Ultimately, Banchero wasn’t behind the wheel. It was his car and North Carolina’s aiding and abetting law could muddy the situation more. It also may not, and the case may be dismissed without incident. Regardless, people will still complain, say the suspension “wasn’t long enough,” but the sad reality is that we have a barometer for these kind of situations and the precedent has been set – if you want to blame anyone, blame college basketball’s darling: Gonzaga.

And I want to specify that I am in no way discounting the severity of a DUI or DWI. There is an apparent need for a more accountable and universal ruling or suspension regarding DUI-related offences at the collegiate level – athletes and coaches alike – because these insistences are happening at an all too common rate currently.

Savarino’s suspension is much harder to predict. Truthfully, I could see him suspended until December or even the end of the season. His relationship as grandson to the greatest coach ever in college hoops could see him lose his scholarship or see him kicked off the team. All we know right now is that the holidays in the Krzyzewski household will be an interesting situation.

The Game Itself

Duke Gardner Webb
Trevor Keels led the way for a Duke squad that had six double-digit scorers and totaled 92 points of offense. (Screenshot of box score via ESPN)

As already mentioned, this was arguably Duke’s most complete game this season. Sure, the Kentucky win was more impressive, but on Tuesday we saw six players, including all five starters, reach double-digit scoring on the night.

Freshman guard Trevor Keels led the way with 18 points on a stellar first half performance. The former Paul VI star was 6-9 from the field, and, more importantly, 4-6 from deep. He also added seven rebounds and four assists on just one turnover.

Sophomore center Mark Williams had his first good showing of the season. After struggling in the opening three games, he seemed like the player we expected him to be heading into the year. He was the benefactor of several lobs at the rim, but also did a good job in the high pick-and-roll in dragging opposing defenders into the paint and creating space for his guards. His six blocks are another sign of an expected return to his March form by the big man.

Senior co-captain Joey Baker picked up right where he left off in the Campbell game. In much less action, the senior tallied 12 points, including some solid drives to the rim – something we wouldn’t have seen a year or two ago. Again, the age old tale of his inconsistent three-point shooting is present, but he still gave good minutes on both ends of the floor. Also, he deserves a shoutout for making a diving, possession-saving play up 40 in the waning minutes of regulation – that’s a winning play in other games.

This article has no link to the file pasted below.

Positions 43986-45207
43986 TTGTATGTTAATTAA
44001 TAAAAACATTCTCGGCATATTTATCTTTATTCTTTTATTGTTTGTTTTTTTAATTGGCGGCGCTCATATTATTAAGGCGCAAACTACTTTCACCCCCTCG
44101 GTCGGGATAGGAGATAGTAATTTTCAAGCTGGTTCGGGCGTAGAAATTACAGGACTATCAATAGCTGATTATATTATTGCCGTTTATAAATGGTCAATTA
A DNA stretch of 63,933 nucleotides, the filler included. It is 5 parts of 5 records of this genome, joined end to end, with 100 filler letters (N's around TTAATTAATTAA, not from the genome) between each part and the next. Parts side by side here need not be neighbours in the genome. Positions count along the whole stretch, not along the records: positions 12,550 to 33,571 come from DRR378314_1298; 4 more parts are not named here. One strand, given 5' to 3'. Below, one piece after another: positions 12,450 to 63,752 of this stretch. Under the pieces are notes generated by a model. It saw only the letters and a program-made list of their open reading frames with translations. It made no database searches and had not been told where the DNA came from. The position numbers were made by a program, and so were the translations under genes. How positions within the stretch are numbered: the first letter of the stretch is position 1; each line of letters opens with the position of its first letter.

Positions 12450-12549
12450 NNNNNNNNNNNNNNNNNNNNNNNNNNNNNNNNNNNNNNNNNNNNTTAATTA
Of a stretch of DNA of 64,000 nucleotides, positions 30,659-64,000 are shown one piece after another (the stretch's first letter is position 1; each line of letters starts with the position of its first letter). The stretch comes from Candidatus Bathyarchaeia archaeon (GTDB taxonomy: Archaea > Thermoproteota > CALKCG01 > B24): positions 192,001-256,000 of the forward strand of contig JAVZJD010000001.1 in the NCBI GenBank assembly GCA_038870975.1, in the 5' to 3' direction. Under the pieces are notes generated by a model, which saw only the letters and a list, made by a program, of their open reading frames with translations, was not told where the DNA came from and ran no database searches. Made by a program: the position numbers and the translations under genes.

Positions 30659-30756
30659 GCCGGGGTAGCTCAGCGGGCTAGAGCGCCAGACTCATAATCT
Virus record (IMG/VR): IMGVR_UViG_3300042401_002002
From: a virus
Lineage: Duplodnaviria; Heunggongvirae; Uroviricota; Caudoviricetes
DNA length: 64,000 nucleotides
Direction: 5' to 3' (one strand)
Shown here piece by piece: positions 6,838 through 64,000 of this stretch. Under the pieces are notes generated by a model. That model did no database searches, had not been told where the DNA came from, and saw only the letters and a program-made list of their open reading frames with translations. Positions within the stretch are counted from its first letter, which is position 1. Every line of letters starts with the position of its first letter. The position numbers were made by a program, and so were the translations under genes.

Fellow co-captain and junior wing Wendell Moore Jr. found his footing in the second half after a quiet opening half. The Charlotte, North Carolina native finished with 14 points, five rebounds and three assists on 6-9 shooting from the field and 2-3 from deep. Another good outing from Duke’s X-factor.

Onto Duke basketball’s No. 1 guy in Paolo Banchero. The uber-talented freshman wasn’t his usual self Tuesday night, but that likely has more to do with the uncertainty and attention off of the court than anything else. I fully expect Banchero to be back to full strength in the next couple of games before Gonzaga. Despite his struggles, he still had 10 points with eight rebounds to boot.

The last of the double-digit scorers, Jeremy Roach had another good night. The sophomore guard has kept up his good form and dropped 10 points. He also led the team with six assists and only two turnovers. Roach just seems more confident on the ball and even when shots aren’t falling from deep, he’s getting to the rim and scoring that way.

Finally, the last player of note is freshman wing A.J. Griffin who totaled 16 minutes of action and five points. Those numbers won’t blow anyone away, but it’s great progress for a guy who, just a month ago, was expected to be out with a knee injury until November. I’m excited to see how he fits into this team when 100% healthy.